The key feature of TensorFlow is their multi-layered nodes system that enables quick training of artificial neural networks on large datasets. This powers Google’s voice recognition and object identification from pictures.

**8. Keras
**

And finally, let’s look at the Keras. It is an open-source library for building Neural Networks at a high-level of the interface, and it is written in Python. It is minimalistic and straightforward with high-level of extensibility. It uses Theano or TensorFlow as its backends, but Microsoft makes its efforts now to integrate CNTK (Microsoft’s Cognitive Toolkit) as a new back-end.

The minimalistic approach in design aimed at fast and easy experimentation through the building of compact systems.

Keras is really eased to get started and keep going with quick prototyping. It is written in pure Python and high-level in its nature. It is highly modular and extendable. Notwithstanding its ease, simplicity, and high-level orientation, Keras is still deep and powerful enough for serious modeling.

The general idea of Keras is based on layers, and everything else is built around them. Data is prepared in tensors, the first layer is responsible for input of tensors, the last layer is responsible for output, and the model is built in between.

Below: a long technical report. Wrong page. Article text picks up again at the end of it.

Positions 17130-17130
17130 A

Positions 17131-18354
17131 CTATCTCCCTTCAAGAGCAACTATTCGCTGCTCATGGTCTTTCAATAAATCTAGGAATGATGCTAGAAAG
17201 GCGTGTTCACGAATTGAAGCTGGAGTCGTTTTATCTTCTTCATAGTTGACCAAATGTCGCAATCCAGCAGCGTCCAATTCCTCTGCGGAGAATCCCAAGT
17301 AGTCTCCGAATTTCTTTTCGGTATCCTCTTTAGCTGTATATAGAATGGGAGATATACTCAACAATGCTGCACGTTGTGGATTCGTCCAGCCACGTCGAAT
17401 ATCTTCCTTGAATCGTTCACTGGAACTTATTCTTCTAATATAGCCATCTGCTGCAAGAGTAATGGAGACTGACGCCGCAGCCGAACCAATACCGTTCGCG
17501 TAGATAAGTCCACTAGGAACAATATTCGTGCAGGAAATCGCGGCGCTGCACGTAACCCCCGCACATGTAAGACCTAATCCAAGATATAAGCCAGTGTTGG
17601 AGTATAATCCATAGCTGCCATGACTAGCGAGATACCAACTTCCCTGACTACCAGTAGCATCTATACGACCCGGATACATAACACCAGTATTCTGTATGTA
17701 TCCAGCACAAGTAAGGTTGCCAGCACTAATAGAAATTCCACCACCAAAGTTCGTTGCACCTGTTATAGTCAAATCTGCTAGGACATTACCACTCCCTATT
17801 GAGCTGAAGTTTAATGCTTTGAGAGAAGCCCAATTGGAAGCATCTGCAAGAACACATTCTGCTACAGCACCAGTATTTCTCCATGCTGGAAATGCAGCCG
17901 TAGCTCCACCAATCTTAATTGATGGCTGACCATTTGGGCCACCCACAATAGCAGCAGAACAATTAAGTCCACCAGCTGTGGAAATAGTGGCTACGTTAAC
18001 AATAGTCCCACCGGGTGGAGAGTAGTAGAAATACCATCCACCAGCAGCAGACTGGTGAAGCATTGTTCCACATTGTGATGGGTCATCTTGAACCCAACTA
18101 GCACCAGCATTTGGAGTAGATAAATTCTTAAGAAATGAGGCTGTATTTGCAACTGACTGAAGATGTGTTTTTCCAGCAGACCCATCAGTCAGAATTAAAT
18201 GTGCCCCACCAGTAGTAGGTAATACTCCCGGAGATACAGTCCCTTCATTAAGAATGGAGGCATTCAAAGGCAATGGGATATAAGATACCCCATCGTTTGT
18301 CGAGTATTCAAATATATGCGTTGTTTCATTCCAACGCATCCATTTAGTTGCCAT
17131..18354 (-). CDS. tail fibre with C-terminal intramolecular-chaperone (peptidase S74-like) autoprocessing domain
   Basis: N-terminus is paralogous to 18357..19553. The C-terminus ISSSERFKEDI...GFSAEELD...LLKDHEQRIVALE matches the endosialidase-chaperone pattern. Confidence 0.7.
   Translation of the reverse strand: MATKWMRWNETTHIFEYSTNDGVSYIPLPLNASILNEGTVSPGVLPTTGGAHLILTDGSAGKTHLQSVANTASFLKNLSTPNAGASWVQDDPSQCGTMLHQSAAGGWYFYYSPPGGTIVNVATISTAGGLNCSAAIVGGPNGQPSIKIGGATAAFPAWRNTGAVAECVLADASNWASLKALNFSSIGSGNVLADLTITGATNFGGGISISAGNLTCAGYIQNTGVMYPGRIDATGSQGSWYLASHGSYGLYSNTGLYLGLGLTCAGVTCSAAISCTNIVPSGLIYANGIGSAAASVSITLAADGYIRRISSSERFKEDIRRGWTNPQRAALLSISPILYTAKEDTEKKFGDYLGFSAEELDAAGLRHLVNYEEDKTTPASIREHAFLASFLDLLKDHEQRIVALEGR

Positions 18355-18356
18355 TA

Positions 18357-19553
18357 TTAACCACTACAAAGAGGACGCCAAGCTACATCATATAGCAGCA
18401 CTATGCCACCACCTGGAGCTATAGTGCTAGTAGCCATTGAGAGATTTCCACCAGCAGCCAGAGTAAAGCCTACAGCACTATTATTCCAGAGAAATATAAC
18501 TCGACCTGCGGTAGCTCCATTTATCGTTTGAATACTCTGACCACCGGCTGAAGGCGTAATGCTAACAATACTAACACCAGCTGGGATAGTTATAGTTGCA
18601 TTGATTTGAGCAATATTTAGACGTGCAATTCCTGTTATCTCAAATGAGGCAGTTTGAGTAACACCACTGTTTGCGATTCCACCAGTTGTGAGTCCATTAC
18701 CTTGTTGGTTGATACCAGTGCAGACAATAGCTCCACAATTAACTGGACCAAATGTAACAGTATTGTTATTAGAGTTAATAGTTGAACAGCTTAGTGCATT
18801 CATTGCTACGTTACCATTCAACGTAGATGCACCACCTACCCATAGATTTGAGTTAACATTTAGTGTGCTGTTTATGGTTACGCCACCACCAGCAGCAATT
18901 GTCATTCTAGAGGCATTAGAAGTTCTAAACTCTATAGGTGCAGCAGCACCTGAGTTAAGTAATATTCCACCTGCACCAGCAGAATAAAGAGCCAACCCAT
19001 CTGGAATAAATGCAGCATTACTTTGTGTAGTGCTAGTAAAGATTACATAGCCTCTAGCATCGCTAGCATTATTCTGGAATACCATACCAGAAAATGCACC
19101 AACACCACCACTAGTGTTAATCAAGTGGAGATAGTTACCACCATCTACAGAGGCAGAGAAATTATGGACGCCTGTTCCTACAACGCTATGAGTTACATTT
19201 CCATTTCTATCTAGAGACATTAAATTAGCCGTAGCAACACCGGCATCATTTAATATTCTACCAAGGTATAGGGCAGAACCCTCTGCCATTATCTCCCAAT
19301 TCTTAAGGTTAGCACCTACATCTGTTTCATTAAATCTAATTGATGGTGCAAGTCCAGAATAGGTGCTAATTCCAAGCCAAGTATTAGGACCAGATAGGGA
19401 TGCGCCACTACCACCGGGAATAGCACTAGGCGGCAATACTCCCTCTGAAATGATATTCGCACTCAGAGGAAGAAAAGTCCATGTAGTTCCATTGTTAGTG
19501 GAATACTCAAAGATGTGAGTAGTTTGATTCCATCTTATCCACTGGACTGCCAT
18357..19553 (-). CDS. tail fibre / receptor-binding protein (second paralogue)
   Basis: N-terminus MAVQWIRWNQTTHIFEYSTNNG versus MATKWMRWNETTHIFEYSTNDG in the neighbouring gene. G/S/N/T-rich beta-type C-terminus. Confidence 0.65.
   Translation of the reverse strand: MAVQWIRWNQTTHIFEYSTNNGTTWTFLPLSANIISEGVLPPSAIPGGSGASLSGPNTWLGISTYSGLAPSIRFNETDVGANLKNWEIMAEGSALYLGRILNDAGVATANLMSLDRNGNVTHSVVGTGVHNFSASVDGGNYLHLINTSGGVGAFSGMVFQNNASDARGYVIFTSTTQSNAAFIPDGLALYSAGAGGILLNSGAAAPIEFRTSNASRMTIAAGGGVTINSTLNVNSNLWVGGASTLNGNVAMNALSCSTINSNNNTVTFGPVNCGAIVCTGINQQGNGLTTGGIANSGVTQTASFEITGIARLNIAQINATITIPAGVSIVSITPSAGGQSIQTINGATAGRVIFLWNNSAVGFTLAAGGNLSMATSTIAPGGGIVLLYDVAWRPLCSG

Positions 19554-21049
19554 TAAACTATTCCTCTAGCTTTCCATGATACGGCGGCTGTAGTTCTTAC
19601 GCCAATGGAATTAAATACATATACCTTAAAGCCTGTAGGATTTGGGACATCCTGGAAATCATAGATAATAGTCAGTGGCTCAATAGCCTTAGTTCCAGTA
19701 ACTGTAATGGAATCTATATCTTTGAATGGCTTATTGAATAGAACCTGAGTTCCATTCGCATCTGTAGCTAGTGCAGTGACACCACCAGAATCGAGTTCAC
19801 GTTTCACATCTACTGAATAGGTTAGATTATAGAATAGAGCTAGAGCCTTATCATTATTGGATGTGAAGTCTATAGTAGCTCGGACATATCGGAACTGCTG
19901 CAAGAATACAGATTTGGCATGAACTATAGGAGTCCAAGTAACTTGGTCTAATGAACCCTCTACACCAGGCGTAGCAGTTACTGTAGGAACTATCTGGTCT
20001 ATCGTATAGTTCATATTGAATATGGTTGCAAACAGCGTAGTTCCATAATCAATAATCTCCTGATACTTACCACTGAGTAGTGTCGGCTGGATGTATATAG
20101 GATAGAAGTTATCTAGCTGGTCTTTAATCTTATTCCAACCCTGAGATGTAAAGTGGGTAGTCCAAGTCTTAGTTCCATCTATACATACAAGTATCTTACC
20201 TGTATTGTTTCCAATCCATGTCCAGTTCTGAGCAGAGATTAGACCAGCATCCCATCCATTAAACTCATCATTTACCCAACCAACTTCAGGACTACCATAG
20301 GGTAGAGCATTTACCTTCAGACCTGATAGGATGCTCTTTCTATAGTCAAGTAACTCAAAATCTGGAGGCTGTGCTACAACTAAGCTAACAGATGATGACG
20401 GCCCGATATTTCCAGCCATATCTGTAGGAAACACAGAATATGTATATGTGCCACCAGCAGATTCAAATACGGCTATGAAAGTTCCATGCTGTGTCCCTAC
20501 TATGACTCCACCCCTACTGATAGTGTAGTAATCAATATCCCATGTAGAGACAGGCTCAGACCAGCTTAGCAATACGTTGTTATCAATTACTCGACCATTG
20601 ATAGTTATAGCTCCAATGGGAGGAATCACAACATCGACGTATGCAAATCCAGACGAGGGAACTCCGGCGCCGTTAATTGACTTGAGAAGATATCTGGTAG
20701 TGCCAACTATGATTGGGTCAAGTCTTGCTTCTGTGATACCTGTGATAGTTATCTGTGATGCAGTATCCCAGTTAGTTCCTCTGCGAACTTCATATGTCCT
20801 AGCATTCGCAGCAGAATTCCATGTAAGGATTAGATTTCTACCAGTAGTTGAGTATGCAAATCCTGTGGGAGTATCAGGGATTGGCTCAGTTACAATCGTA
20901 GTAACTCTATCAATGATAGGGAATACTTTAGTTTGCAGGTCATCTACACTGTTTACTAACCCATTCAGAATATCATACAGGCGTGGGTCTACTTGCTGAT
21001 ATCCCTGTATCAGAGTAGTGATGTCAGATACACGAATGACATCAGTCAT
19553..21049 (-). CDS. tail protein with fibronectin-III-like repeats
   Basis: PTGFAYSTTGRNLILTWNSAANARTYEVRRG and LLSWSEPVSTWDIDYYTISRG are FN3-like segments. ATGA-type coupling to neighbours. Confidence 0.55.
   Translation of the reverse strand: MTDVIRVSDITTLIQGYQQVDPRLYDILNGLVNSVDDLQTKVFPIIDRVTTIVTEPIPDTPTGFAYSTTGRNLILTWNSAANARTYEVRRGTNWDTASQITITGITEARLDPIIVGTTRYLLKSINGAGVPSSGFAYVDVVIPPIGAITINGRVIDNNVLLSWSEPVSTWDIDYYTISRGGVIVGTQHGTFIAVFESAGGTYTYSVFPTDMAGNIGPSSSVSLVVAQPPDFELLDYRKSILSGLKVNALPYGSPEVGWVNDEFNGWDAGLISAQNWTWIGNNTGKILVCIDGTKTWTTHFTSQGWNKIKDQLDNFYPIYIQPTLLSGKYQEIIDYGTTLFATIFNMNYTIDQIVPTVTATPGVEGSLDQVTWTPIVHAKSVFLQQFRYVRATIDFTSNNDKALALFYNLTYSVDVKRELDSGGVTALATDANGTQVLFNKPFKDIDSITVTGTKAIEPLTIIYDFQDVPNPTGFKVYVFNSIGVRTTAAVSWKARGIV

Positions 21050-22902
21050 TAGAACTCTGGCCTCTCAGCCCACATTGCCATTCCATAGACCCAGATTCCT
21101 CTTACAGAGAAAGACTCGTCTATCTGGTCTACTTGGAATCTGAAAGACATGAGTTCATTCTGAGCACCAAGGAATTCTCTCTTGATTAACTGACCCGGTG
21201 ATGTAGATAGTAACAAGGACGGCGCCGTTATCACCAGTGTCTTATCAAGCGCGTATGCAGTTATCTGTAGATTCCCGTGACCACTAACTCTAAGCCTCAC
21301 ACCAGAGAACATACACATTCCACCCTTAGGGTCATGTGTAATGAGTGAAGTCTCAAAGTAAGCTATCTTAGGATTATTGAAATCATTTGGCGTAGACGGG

**Data Mining**

9. Scrapy

Scrapy is a library for making crawling programs, also known as spider bots, for retrieval of structured data, such as contact info or URLs, from the web.

It is open-source and written in Python. It was originally designed strictly for scraping, as its name indicates, but it has evolved in the full-fledged framework with the ability to gather data from APIs and act as general-purpose crawlers.

Features of Scrapy

● Scrapy is an open source and free to use web crawling framework.

● Scrapy generates feed exports in formats such as JSON, CSV, and XML.

● It is a cross-platform application framework (Windows, Linux, Mac OS and BSD).

● Scrapy comes with built-in service called Scrapyd which allows uploading projects and control spiders using JSON web service.

● Scrapy has built-in support for selecting and extracting data from sources either by XPath or CSS expressions.

● Scrapy based on crawler, allows extracting data from web pages automatically.

Scrapy can be installed using pip. To install, run the following command −

pip install Scrapy

**Creating a Project**

You can use the following command to create the project in Scrapy −

scrapy startproject project_name

This will create the project called project_name directory. Next, go to the newly created project, using the following command −

cd project_name

**Controlling Projects
**

You can control the project and manage them using the Scrapy tool and also create the new spider, using the following command −